Bloem’s skate scene remains resilient

Bloemfontein’s skateboarding community has faced several challenges throughout its existence, but skaters within the city are determined to keep the scene alive. Read more on page 2. PHOTO: WARREN HAWKINS

Bloemfontein used to be a hub for skateboarding, with skaters often seen downtown or at one of the local skate parks – which have all since closed. The skating community in the city has had to make a plan, but have remained resilient and found a way.

“Pacofs was our go-to spot for skateboarding in Bloemfontein,” said Dillon Johnson, a skateboarding activist in the city, as well as the facilitator for Christian Skaters Bloemfontein, “but rules changed, and now we can’t skate there.”

Bloemfontein used to have an abundance of skate parks, but now skaters like Johnson and Malan need to make do with what they can. PHOTO: WARREN HAWKINS

Johnson has said that they have had to find new spots, with the closest skate park being in Thaba Nchu. “We’re adapting and still rolling strong,” he said, “showing our love for skating in our city.”

Despite the challenges faced by local skaters, including a decrease in members, Johnson said “each session becomes a cherished opportunity to come together, share our love for the sport, and support one another.”

While the road ahead may seem uncertain, local skaters seem determined to “keep rolling and keep the skate spirit alive in our city, burning brighter than ever”. Johnson explained that there is no real local skate shop anymore, so he has done his part to support his fellow skaters by supplying boards, trucks, and wheels whenever he can.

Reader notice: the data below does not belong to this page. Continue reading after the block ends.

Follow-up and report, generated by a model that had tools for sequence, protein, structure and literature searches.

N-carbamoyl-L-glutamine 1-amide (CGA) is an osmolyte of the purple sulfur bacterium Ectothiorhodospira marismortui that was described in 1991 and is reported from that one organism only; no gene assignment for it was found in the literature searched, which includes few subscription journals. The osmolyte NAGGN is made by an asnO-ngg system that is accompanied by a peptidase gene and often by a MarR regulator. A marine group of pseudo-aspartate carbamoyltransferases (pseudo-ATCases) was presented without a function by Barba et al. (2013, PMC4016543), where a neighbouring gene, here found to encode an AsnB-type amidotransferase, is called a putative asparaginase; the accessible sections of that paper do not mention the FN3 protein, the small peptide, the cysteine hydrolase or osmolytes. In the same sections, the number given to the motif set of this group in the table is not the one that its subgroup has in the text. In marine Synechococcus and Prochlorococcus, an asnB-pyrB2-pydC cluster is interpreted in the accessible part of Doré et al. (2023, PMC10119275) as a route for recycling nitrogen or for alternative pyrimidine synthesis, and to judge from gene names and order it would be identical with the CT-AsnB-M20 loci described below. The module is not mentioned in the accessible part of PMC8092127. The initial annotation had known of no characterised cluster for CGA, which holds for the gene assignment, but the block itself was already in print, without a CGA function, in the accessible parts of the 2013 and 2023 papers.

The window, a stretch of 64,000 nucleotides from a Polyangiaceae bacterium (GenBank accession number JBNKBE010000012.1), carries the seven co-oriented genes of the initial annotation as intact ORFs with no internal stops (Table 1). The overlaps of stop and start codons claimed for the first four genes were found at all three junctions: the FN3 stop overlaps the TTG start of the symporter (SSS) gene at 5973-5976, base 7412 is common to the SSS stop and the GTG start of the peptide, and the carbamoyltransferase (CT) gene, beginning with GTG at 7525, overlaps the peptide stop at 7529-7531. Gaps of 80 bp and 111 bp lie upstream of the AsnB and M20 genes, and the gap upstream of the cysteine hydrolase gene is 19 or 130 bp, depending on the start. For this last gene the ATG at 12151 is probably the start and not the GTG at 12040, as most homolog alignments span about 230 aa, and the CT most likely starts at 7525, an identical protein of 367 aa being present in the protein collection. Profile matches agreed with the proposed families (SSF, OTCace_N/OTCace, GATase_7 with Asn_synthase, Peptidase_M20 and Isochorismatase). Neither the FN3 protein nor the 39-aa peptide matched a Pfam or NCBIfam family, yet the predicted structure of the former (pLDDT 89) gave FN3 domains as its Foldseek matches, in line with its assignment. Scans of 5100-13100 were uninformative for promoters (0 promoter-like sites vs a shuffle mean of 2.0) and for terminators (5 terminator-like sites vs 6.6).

As a skateboarding activist and committed community member, Johnson has seen what the sport can mean to a community. “From all-day long sessions in town to the exhilarating skate back home to Heidedal, each ride was filled with laughter, awesome tricks, and unforgettable memories,” he said, “I’ve seen firsthand the positive impact skating can have on personal growth, and that’s why I’m committed to keeping the wheels turning.

“Bloemfontein’s skate crews are more than just skaters—they’re spreading the gospel,” explained Johnson, “they’re mentoring kids, and fostering the community.”

He mentioned Christian Skaters sharing the Good News, Create Skate Academy empowering youth in Heidedal, Skateboarding Essentials serving as a hub for local skaters, and Impact Sk8 making waves of positive change, saying: “Each crew leaves a mark beyond the skate park.”

“With dedication and support, we can breathe new life into the Bloem skateboarding community!” he concluded.

The love for skateboarding within the city is alive and well, and committed community members like Dillon Johnson are the reason why.

Anyone looking to get involved can contact him at

Warren Hawkins